US declares cooperation with Ukraine to block Nord Stream 2

Concrete-coated pipe for the Nord Stream 2 gas pipeline being laid onto the seabed of the Baltic Sea on August 16, 2018 near Lubmin, Germany. Photo: GettyImages/Sean Gallup/Staff

“We do not want our European friends to fall prey to the kind of political and economic manipulation Russia has attempted in Ukraine since it cast off its Soviet shackles,” said the US Secretary of State Mike Pompeo on Friday, declaring that the US will continue to work “to stop the Nord Stream 2 project, that undermines Ukraine’s strategic and economic security.”

In the Secretary of State’s opinion, the Nord Stream 2 gas pipeline project, which would see Russian gas delivered directly to Germany and omitting the Baltic states and Poland, would result in “further compromise of the sovereignty of European nations that depend on Russian gas.”

For several months unofficial information has circulated that the US is ready to impose sanctions on companies involved in the construction of the Nord Stream 2 pipeline, although no concrete action has been taken in this regard yet. Despite this, US president Donald Trump has long been a strong vocal opponent of the project, saying “Germany is paying Russia billions and billions of dollars, which, frankly speaking, we deem inappropriate. We never thought it was appropriate, and, certainly, this is very bad for the German people.”

Ukraine’s president Petro Poroshenko has also condemned the project which would see his country on the receiving end of potential energy blackmail from Moscow, calling the project “political bribe money for loyalty to Russia.” Following the annexation of Crimea, in 2014 and 2015 Gazprom, Russia’s state-owned gas monopolist which is also responsible for the Nord Stream 2 pipeline, hiked prices and eventually cut off gas to Ukraine, citing Kiev’s inability to pay its debts to the company which, it said, was USD 4.5 bn (EUR 3.95 bn) in 2014.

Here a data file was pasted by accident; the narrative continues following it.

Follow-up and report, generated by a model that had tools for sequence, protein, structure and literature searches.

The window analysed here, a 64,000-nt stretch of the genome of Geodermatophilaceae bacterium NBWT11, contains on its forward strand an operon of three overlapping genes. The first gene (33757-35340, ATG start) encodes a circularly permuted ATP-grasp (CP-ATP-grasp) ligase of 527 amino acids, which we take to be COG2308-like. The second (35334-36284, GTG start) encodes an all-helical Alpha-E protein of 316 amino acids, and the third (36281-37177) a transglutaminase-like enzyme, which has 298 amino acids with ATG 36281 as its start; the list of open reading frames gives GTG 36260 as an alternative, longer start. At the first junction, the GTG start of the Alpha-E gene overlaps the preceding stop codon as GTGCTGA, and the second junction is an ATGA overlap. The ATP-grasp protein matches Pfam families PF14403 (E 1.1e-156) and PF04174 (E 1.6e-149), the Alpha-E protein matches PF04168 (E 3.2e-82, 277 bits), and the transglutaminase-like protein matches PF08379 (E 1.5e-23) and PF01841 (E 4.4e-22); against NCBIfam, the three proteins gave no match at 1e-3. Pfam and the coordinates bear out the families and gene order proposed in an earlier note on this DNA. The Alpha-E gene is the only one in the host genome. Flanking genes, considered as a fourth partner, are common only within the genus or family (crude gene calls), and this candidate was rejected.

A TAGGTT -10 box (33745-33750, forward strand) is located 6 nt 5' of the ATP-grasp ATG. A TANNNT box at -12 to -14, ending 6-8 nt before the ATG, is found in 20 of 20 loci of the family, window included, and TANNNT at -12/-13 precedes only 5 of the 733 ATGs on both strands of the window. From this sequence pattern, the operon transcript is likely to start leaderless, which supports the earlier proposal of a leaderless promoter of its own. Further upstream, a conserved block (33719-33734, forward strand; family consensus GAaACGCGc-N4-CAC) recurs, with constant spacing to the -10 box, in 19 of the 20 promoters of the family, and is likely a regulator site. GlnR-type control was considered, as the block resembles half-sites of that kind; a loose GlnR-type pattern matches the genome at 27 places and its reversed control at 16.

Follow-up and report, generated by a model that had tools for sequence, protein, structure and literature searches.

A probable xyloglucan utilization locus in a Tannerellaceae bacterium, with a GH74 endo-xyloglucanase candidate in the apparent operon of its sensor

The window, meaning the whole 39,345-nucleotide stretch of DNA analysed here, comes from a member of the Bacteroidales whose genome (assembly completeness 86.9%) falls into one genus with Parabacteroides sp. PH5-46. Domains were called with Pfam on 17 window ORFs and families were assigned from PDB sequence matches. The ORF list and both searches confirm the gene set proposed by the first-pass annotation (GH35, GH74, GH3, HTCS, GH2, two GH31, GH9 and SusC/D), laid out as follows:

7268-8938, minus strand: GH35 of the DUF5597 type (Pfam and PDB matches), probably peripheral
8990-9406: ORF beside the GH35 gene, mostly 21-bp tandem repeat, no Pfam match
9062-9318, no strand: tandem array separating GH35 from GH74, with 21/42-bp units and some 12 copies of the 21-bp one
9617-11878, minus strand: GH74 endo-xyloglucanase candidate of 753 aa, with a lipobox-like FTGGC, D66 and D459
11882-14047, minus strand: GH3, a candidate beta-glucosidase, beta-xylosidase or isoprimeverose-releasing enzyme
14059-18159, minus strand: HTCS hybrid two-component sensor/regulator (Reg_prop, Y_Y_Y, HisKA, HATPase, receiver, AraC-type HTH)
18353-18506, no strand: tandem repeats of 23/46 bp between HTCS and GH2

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The Polish push to block the project

The Nord Stream 2 project is naturally supported by countries which would see their gas supplies from Russia not under threat, including Germany, France and Austria, while the Baltic states, Poland and Ukraine, which would not be connected to the pipeline, are understandably against the idea.

Poland has taken to diversifying its energy resources to become less dependent on Russian gas, including signing a 24-year contract with the US for the delivery of liquefied natural gas (LNG) and the construction of the Baltic pipeline which will see gas supplies delivered to central and eastern Europe directly from sources in Norway in an effort to reduce turbulence in energy supplies when its contract with Gazprom expires in 2022.

Despite these efforts, however, Poland continues to push its allies – including the US – to block the project, the most recent example of which took place at last Thursday’s Polish-Czech bilateral meeting, during which Polish PM Mateusz Morawiecki urged his Czech counterpart Andrej Babiš to consider the threat the Nord Stream 2 pipeline posed.

“Our cooperation up to this point has brought better and better results in many areas. We are stronger and stronger, we speak with one voice. In this context I once again presented Poland’s position with regard to Nord Stream 2 and the need for the pipeline not to be built,” PM Morawiecki said.

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